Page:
More than half a million women had some form of cosmetic breast surgery in 2017—be it an augmentation, a lift or a reduction—according to the American Society for Aesthetic Plastic Surgery (ASAPS). Breast augmentation—improving the size and shape of the breasts with implants—is the most popular plastic surgery procedure year after year. Lifts, which elevate sagging breasts to a more pert position, saw a 57.5 percent jump between 2012 and 2017. Breast reduction surgery continues to gain steam, as well, establishing itself as far more than an aesthetic fix, but a total women’s-health solution—a pain-relieving, life-altering procedure for patients of all ages. Each procedure is tailored to address your personal concerns and suit your body and lifestyle. Here, a comprehensive look at breast surgeries of every kind.
You May Also Like: 5 Things To Know Before Getting Breast Implants
New York plastic surgeon Craig A. Baldenhofer, MD used an inframammary approach to place 325-cc Mentor smooth, round, silicone implants, which gave this 24-year-old patient the larger cup size she desired.
Whether you were born with small breasts, or yours simply shrunk from pregnancy or age, a breast augmentation can enhance or restore curves (and bolster confidence, too: Imagine finally filling out that bikini top, or effortlessly holding up a strapless dress). Average treatment cost $3,500– $10,000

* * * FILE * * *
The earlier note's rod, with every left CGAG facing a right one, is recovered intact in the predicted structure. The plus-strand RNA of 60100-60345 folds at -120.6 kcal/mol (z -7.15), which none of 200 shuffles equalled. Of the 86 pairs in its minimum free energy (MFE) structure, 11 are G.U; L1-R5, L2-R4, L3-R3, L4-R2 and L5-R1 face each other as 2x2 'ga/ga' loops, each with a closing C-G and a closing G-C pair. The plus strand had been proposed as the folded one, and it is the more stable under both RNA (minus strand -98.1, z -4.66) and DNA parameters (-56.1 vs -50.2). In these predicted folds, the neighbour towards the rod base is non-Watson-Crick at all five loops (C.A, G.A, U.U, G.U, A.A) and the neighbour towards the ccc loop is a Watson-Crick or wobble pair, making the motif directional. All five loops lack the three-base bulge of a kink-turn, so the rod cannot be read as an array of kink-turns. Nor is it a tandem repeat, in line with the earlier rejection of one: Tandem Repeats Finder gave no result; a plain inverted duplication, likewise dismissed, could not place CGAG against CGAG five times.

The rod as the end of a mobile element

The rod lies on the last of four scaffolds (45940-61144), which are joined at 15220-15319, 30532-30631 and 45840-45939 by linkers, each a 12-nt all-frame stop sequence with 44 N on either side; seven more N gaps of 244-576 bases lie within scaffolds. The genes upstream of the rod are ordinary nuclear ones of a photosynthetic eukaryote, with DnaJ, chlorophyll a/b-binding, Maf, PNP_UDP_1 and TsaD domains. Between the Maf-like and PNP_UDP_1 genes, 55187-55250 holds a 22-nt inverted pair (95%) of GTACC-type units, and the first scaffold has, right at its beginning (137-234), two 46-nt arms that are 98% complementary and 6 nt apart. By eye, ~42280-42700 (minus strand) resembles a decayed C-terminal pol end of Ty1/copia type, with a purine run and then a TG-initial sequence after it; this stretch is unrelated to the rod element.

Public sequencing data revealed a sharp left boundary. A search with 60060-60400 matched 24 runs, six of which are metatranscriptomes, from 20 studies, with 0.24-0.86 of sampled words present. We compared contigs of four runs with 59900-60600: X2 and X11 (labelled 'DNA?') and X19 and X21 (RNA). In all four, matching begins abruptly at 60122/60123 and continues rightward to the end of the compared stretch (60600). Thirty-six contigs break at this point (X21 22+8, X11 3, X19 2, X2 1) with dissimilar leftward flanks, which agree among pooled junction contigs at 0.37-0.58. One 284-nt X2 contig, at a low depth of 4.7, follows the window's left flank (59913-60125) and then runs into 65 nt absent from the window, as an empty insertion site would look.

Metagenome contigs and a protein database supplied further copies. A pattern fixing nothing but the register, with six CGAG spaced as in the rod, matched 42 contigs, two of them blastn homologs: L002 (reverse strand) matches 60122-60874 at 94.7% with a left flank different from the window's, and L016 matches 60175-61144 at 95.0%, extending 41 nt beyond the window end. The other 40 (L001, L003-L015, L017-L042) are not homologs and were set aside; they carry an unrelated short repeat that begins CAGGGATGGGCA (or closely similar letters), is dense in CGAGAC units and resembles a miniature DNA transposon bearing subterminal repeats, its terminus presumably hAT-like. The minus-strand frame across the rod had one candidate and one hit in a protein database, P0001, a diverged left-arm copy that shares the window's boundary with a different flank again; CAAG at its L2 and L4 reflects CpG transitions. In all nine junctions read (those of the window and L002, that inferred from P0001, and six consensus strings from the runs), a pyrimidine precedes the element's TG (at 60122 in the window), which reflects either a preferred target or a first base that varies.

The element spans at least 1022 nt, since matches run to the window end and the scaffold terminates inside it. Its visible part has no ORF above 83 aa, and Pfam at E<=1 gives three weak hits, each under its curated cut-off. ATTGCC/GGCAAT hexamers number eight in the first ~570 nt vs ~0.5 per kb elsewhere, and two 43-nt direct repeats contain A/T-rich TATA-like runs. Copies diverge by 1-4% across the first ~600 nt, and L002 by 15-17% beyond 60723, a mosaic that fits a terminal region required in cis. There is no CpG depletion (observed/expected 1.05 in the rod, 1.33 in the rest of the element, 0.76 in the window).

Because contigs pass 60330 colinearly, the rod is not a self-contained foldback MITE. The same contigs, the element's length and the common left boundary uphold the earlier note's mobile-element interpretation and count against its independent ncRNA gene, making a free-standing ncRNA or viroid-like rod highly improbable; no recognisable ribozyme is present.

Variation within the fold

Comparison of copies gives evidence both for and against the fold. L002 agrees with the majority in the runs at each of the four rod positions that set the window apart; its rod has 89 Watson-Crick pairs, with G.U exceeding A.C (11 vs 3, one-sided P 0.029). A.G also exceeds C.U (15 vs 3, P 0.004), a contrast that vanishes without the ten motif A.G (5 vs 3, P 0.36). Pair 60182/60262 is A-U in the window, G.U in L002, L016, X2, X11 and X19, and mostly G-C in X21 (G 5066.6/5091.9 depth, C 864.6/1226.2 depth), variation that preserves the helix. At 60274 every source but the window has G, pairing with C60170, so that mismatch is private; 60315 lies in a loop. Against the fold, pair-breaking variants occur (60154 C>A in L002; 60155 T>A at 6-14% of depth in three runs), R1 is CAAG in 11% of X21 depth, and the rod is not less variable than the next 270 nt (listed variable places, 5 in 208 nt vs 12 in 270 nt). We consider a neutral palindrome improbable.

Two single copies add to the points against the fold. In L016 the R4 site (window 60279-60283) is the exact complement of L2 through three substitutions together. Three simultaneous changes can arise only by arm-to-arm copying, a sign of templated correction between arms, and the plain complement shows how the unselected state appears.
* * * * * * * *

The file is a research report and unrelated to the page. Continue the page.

Decisions, Decisions: Implant Selection and Placement
“Making good decisions on the front end can help produce great outcomes with the lowest risk of reoperation or complications,” says Eugene, OR plastic surgeon Mark Jewell, MD. Read on for everything you need to know.
As a general rule of thumb, every 200 cubic centimeters (ccs) of volume will boost you up about a cup. Your unique size and shape will steer you to the right range. “The base width of your chest is going to define the parameter of implants we can safely choose from,” says New York plastic surgeon Umbareen Mahmood, MD. What’s more, your skin may impose a size limit “if there’s a tight envelope to the breast tissue,” says Dr. Jewell. Even if it doesn’t, prudent doctors urge patients to consider how their implants of choice will age with them. “Be cautious: The bigger the implants, the more the skin may stretch over time,” says Dr. Mahmood. Beyond drooping, “large, heavy implants can lead to the same complications as large breasts—back, neck and shoulder pain, shoulder grooving from bra straps, and difficulty exercising,” warns New York plastic surgeon Melissa Doft, MD.